A Mediocre Evening with Sir Isaac NewtonCulture Watch
tags: Bruce Chadwick, theater reviews, plays, Isaac's Eye, Isaac Newton
Bruce Chadwick lectures on history and film at Rutgers University in New Jersey. He also teaches writing at New Jersey City University. He holds his PhD from Rutgers and was a former editor for the New York Daily News. Mr. Chadwick can be reached at firstname.lastname@example.org.
Ensemble Studio Theater
549 W. 52nd Street
New York, N.Y.
Wouldn’t it be wonderful if in plays about historical inventors actually told you what was accurate and what was invented? Well, in Isaac’s Eye, a play about philosopher/mathematician Isaac Newton that just opened in New York, they do. A narrator comes out and tells you what is fact and what is fiction and true parts of the plot are written on the blackboards on the walls of the theater. So now you can sit back and enjoy a play about the great man who invented Calculus and figured out motion and gravity, right?
No. Isaac’s Eye is a tedious play that tells very little about history. It's ostensibly set in 1665, but all the characters dress and talk as if it took place last Thursday. The single-set story takes place in what looks like a laboratory or classroom, plus lots of chalk to write on the walls.
The play, which opened last week, is the fictional story of how Isaac Newton, a thin, short man with premature white hair, tried to get Robert Hooke, a grumpy official of Great Britain’s prestigious Royal Society and eminent scientist, to admit him to the group based on an experiment he claimed he did (it involved sticking a long needle into his eye to see if the eye sees colors in a different way when bent by the needle). Founded in 1660, during the reign of Charles II, the Society served as an advisor to the government (today it has over 1,300 members). Isaac, and later Hooke, also romps around with Catherine, a druggist’s daughter (not too much, though, as Newton was a lifelong celibate).
The play starts with a slow first half hour of ponderous talk that goes nowhere. It does heat up when Newton steals Hooke’s diary only to discover that he's s consummate sexual predator who seems to have bedded every woman in Great Britain, including Newton's own niece Grace, who is only fifteen. So Newton strikes a deal: he won’t divulge the diary if he's accepted into the Royal Society. Hooke, worried that his personal as well as professional standing will be ruined by the diary, has to make up his mind about what to do.
The rest of the story covers his decision and how it affects young Isaac. The play had some potential to unfold like Amadeus, another tale of older and younger geniuses at war, but that never panned out.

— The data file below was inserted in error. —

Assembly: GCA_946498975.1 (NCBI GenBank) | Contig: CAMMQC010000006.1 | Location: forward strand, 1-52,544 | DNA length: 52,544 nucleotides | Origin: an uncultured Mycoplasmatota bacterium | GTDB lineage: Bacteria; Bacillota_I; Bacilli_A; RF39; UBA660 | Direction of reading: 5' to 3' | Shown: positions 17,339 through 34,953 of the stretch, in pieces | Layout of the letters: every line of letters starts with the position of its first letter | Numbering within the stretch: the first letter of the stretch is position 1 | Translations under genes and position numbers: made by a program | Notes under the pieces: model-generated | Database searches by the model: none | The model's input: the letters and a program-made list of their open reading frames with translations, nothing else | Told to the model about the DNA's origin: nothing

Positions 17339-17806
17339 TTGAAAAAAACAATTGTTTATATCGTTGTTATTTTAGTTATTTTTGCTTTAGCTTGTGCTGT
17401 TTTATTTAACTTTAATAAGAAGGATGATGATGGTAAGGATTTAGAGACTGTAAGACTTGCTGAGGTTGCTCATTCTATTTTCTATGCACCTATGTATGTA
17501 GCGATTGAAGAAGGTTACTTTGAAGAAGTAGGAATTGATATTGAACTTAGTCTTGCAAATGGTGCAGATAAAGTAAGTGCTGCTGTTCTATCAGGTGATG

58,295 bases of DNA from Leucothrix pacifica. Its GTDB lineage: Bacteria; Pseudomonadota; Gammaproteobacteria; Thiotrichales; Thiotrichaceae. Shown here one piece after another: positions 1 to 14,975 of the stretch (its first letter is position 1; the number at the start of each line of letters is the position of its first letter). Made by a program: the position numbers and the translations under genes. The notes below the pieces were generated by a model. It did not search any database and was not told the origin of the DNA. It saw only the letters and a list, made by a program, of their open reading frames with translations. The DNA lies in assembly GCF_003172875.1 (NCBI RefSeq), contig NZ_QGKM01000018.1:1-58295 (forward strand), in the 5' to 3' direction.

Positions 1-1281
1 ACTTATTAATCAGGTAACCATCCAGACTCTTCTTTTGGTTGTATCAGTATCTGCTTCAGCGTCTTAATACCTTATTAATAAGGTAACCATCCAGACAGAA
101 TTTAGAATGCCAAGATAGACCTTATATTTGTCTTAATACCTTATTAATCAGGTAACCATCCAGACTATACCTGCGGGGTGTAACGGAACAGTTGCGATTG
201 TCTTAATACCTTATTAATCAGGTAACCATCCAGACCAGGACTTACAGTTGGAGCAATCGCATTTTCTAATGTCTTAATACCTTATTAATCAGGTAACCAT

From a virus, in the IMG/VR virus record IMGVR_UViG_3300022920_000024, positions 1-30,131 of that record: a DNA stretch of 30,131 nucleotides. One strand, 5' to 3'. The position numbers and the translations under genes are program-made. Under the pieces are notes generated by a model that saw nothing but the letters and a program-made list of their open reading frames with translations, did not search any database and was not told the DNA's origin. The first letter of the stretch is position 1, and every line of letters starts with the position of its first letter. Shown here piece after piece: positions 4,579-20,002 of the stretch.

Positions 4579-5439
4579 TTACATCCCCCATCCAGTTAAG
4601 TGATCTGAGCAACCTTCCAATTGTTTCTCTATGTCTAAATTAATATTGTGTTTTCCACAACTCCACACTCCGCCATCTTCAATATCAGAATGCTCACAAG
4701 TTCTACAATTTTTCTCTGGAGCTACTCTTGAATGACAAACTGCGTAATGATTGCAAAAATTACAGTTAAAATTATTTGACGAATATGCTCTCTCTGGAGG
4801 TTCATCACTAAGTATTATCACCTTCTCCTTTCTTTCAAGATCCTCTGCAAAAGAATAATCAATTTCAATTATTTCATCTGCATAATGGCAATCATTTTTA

The story is part of an association the theater has with the Alfred Sloan Foundation to produce plays about science. Newton, who once smashed a child’s head into a wall and believed that God spoke through him, seemed a good choice for a sturdy drama because he was an intense, deeply religious, and possibly asexual man (he even suffered two nervous breakdowns). At the same time, he became one of the greatest mathematicians of all time. Hooke, an overlooked seventeenth-century scientific star, explained combustion, designed an artificial respirator, helped to found the field of meteorology, studied fossils, designed a primitive model of what would later become the telephone, explained elasticity and helped re-design much of London after the Great Fire of 1666 ruined large sections of it in the middle of the seventeenth century.
The problem is that playwright Lucas Hnath doesn't tell much about either man, or what he did, or what London was like in 1665, when the plague was killing thousands. All of that would have made this a better play.
There are positives, like (most of) the acting. Director Linsay Firman gets a tremendous performance from Michael Seragin-Wells as Hooke and fine work from Jeff Biehl as the narrator and Kristen Bush as Catherine. Haskell King is a disappointment as Isaac Newton, though. He plods along as the fabled scientist, showing little curiosity or personal spark. He needs to put more life into Newton, who comes off as a rather flat historical icon.
PRODUCTION: The play is produced by the Ensemble Studio Theater and the Alfred Sloan Foundation. Sets: Nick Francone; Costumes: Suzanne Chesney; Lighting: Les Dickert; Sound: Shane Rettig. The play is directed by Linsay Firman. Through February 24.
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